Beer – Good for Quaffing, Good for Your Heart
May 18, 2004
"A quart of ale is a dish for a king ." - William Shakespeare
"It’s good to be the king." – Mel Brooks
In recent years, wine has been the beverage that has gotten all the good press when it comes to the health benefits related to moderate consumption of alcohol. Beer, it seems, still is thought of in many quarters as a beverage made for quaffing, good at a ballgame or a barbecue but without any benefits to speak of.
But that may be changing.
A new study done by researchers in Finland and the Netherlands suggests that regular consumption of beer can lead to better cardiovascular health – especially if you are a middle-aged man or a pre-menopausal woman. For millions of aging baby boomers who have felt guilty about pouring a cold and frosty beer and instead turned to a more delicate pinot noir or chardonnay, this will be welcomed news.
It appears, based on the study – and more research needs to be done – that beer actually helps the circulation of the hormones that prevent atherosclerosis for men and women. Atherosclerosis results from the buildup of fatty substances, cholesterol, cellular waste products, calcium and other materials in the arteries and is a major risk factor for cardiovascular disease.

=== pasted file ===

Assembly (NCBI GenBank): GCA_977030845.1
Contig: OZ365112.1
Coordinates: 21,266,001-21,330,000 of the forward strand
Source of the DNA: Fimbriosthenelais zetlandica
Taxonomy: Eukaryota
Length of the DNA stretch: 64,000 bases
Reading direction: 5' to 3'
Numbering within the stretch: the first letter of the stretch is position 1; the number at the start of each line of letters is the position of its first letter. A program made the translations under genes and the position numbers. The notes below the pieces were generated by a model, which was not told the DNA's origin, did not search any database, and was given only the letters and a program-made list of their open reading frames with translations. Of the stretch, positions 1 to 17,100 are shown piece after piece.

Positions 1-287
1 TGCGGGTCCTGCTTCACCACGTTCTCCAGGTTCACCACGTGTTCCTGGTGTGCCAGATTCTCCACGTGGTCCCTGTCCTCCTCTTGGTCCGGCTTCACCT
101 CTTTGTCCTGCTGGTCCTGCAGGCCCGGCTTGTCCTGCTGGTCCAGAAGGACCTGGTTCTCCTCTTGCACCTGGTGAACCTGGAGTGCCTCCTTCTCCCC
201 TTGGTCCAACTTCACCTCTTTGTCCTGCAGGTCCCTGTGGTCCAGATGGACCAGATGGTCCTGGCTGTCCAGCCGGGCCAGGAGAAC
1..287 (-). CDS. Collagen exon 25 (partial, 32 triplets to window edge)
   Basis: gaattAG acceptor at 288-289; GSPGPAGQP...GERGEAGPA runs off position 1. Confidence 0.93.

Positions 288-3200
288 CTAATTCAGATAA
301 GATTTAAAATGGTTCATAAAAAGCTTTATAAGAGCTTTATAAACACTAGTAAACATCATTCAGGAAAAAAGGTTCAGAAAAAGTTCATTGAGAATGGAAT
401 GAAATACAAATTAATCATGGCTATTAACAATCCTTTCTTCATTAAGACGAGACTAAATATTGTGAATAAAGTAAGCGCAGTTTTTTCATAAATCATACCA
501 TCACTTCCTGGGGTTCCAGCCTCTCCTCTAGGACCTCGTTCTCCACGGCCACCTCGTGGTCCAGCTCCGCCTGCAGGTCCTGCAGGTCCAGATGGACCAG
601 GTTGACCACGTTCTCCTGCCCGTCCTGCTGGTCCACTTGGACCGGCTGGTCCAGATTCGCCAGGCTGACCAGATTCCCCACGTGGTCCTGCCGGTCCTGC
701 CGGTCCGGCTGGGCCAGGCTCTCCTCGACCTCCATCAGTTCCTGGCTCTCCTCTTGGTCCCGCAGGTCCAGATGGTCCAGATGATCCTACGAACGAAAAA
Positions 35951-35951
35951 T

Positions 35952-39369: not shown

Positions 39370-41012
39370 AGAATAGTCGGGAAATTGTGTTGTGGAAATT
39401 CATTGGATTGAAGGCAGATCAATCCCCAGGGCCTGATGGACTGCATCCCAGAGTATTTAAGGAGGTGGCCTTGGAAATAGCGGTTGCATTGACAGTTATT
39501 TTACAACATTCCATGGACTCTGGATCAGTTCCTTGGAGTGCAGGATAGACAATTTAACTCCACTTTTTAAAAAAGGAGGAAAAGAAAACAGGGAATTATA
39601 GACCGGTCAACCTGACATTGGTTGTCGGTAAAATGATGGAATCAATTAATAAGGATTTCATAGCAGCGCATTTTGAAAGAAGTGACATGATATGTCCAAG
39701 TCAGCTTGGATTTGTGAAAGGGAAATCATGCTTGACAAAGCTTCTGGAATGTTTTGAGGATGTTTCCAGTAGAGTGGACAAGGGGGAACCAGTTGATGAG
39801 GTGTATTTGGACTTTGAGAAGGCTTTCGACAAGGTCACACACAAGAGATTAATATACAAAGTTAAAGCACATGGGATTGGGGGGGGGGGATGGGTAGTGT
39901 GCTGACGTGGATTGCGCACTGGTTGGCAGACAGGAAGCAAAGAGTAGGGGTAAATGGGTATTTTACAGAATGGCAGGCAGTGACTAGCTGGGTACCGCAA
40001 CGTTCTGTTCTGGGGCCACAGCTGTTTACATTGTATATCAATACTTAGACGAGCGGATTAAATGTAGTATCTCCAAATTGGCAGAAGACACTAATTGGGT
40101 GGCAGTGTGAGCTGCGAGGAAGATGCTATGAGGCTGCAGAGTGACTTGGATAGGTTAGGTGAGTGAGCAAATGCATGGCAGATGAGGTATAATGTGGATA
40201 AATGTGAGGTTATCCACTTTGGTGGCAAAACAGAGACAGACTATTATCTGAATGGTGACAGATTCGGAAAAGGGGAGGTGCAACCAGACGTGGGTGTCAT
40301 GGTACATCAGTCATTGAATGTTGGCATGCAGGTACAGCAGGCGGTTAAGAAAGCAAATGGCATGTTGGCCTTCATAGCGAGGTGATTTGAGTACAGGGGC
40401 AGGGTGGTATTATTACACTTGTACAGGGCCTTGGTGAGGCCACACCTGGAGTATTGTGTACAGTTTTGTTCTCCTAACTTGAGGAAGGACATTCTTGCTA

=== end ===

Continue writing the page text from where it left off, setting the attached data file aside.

These results back up research done in the US several years ago suggesting that alcohol – including beer - has a positive effect on HDL cholesterol, the “good” cholesterol that promotes heart health.
Now, this doesn’t mean that people worried about their cardiovascular health should belly up to the bar instead of going to gym or hitting the salad bar. In fact, there are ways to achieve these benefits without touching a beer, including getting more exercise and eating more fruits and vegetables.
And, in fact, there has been a study done by German researchers suggesting that nonalcoholic beer may offer some of the same cardiovascular benefits associated with moderate alcohol consumption. The suggestion is that the health benefits don’t come from the alcohol, but rather from other substances that are contained in nonalcoholic beer and that seem to have an impact on factors leading to heart disease.
(This conclusion, however, reminds us of the old saying that dates back to Prohibition: "Whoever called it near beer was a poor judge of distance.")
There are more good and interesting beers available in the U.S. than ever before. While the brewpub craze of a few years has died out, there still are an enormous number of microbreweries around the country that are making unique beers, pilsners and ales that run the gamut from delicate to robust. Now that there is some medical research to back it up, it sounds like people actually can indulge in the occasional brew and feel good about it…especially if they are doing all the other things that go into a healthy and active lifestyle.
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